WASHINGTON: Joaquin Niemann carded a two-under-par 68 on Saturday and to take a two-shot lead at The Greenbrier, where the 20-year-old Chilean is chasing his first US PGA Tour title.
Niemann had three birdies and his first bogey of the week to emerge with a 15-under par total of 195 on the Old White TPC in White Sulphur Springs, West Virginia.
He was two shots clear of Americans Richy Werenski, Nate Lashley and Robby Shelton. Werenski and Lashley both posted 65s while Shelton carded an even-par 70.
It was a further stroke back to Americans Adam Long and Scottie Scheffler on 198.
Kevin Chappell, whose second-round 59 on Friday was just the 11th sub-60 round ever produced on the PGA Tour, struggled in the follow-up.
Chappell, playing his first tournament since having back surgery last November, had four bogeys and one birdie in a three-over 73 that left him eight off the pace.
Niemann, who has eight top-10 finishes in his 42 career starts on the US tour, was coming off a career-best 62 on Friday that left him tied for the 36-hole lead in the first event on the US tour’s 2019-2020 calendar.
With the greens firming up and the pins tucked into some tricky positions, super-low scores were less in evidence on Saturday.
After rolling in a 26-foot putt for his second birdie of the day at the 10th, he made his lone miscue, finding the rough off the tee at the 11th on the way to a bogey.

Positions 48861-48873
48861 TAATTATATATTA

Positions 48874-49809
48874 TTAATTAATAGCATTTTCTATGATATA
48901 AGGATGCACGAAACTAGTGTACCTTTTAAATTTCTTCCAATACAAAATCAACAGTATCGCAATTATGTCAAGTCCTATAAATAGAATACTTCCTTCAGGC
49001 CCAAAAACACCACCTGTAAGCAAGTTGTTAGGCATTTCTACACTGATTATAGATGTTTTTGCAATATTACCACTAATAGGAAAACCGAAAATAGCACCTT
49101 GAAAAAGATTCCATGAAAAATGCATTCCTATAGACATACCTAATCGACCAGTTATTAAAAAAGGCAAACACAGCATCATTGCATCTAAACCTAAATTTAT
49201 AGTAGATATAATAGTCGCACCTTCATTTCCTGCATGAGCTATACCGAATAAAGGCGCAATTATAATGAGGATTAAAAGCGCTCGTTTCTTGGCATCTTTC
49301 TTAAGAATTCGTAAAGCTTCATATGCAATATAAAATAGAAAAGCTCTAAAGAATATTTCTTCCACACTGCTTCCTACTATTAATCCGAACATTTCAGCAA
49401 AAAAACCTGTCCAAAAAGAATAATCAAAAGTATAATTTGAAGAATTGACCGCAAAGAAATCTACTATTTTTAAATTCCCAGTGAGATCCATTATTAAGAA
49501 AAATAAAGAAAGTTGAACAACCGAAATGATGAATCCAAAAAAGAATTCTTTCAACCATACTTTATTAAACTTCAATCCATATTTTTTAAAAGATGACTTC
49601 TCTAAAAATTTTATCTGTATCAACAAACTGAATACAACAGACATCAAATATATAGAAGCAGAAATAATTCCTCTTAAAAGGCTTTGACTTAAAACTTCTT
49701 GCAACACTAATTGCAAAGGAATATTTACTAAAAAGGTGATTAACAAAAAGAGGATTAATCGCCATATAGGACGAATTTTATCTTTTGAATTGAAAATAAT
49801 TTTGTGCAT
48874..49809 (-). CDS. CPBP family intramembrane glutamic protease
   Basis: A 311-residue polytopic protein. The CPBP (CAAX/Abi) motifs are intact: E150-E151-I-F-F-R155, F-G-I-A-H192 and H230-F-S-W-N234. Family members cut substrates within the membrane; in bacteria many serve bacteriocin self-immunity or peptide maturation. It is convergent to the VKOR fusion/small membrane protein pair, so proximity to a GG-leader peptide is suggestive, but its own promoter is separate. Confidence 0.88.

He took advantage of the par-five 17th to stretch his lead, recovering from an errant tee shot to roll in a seven-foot birdie putt.
Lashley, who captured his first career title in Detroit in June, had five of his six birdies in his first eight holes and seized a share of the lead at 14-under with an eagle at the 17th — where he holed out from off the green.
Moments later play was halted for 50 minutes because of lighting in the area. Lashley would return to make his third bogey of the day at the par-three 18th.
Werenski was delighted to complete his 65 shortly before the weather delay.
“I played good,” said Werenski, who said a conservative game plan in tougher conditions paid off.
Knowing that he was putting well, Werenski said, his plan was to “not fire at anything too crazy.
“It worked out,” he said.